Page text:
Michael Kay Mabe

Michael Kay Mabe works on cases involving personal injury, including serious bodily injuries and traumatic brain injuries. She earned her B.A. from the University of Virginia and her Juris Doctorate from the Emory University School of Law in 2004. While at Emory, she was a Managing Editor of the Bankruptcy Developments Journal.

Ms. Mabe is licensed to practice law in North Carolina having been admitted to the North Carolina State Bar in 2008. She was also admitted to the Virginia State Bar in 2004.

Prior to joining Grimes Yeoman, PLLC., Ms. Mabe was a litigation attorney at DeMayo Law Offices, and spent three years working on the priority litigation team responsible for handling catastrophic and complex injury claims. Additionally, she practiced in the areas of real estate and community association law and as a defense attorney.


  • Virginia State Bar

                 Member, November 2004  

  • North Carolina State Bar

                 Member, April 2008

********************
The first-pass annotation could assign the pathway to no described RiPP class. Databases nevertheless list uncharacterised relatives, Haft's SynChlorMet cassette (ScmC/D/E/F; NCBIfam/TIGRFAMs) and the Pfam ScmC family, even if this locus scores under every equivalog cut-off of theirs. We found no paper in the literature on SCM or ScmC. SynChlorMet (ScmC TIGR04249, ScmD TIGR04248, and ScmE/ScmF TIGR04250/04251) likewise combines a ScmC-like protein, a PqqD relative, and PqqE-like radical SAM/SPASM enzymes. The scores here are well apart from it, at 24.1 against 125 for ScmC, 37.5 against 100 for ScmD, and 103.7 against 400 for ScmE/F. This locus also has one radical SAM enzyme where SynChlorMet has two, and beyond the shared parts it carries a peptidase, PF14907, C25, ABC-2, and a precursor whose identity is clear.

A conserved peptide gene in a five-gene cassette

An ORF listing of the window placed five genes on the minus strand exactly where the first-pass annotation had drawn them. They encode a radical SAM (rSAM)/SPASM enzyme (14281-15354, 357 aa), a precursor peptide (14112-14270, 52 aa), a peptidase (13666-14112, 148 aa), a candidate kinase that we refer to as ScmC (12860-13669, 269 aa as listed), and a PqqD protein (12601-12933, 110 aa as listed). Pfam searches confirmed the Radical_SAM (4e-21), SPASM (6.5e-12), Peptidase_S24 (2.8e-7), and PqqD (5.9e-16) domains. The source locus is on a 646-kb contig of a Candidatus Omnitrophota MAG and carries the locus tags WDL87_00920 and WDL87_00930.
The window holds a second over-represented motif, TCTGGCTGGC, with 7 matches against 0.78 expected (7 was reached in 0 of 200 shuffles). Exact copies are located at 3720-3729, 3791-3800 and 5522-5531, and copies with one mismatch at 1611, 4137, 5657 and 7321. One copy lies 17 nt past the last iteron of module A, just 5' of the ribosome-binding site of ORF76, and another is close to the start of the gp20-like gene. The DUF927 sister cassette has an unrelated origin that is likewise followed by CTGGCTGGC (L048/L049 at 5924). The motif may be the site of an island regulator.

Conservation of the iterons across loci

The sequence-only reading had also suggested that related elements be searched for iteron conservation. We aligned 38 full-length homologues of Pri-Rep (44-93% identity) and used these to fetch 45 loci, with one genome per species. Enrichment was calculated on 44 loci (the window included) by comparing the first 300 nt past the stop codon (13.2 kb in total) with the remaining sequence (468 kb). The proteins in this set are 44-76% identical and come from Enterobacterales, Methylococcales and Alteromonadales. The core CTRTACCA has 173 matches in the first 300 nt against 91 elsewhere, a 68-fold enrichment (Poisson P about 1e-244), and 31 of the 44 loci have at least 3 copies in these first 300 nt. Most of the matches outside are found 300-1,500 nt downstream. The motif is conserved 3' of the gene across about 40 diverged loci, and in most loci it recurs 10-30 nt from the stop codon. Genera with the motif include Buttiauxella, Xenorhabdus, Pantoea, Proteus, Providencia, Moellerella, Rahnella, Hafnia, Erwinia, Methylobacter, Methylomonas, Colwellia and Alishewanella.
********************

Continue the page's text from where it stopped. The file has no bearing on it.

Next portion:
• Emory University School of Law, Atlanta, Georgia

                 Juris Doctor, May 2004

                 Activities: Bankruptcy Developments Journal, Managing Editor 

  • University of Virginia, Charlottesville, Virginia

                 Bachelor of Arts, May 2001

                 Major: Government

                 Minor: Astronomy

                 Honors: Intermediate Honors Recipient, Gilbert J. Sullivan Scholarship Recipient,

                 Dean’s List, Phi Eta Sigma, National Society of Collegiate Scholars 


Alone Without a Home: A State-by-State Review of Laws Affecting Unaccompanied Youth, Co-author. Publication designed to respond to significant legal questions regarding state laws that effect homeless and runaway youth. The publication provides summaries, legal citations, and the laws of the states and the territories. 

“Pet Policies: Always enforceable? Not for service animals,” Author. Article published in Quorum, a magazine published for the community association industry. The article discusses the federal, state, and local statutes regarding service animals. It discusses how these statutes must influence community association policies regarding pets.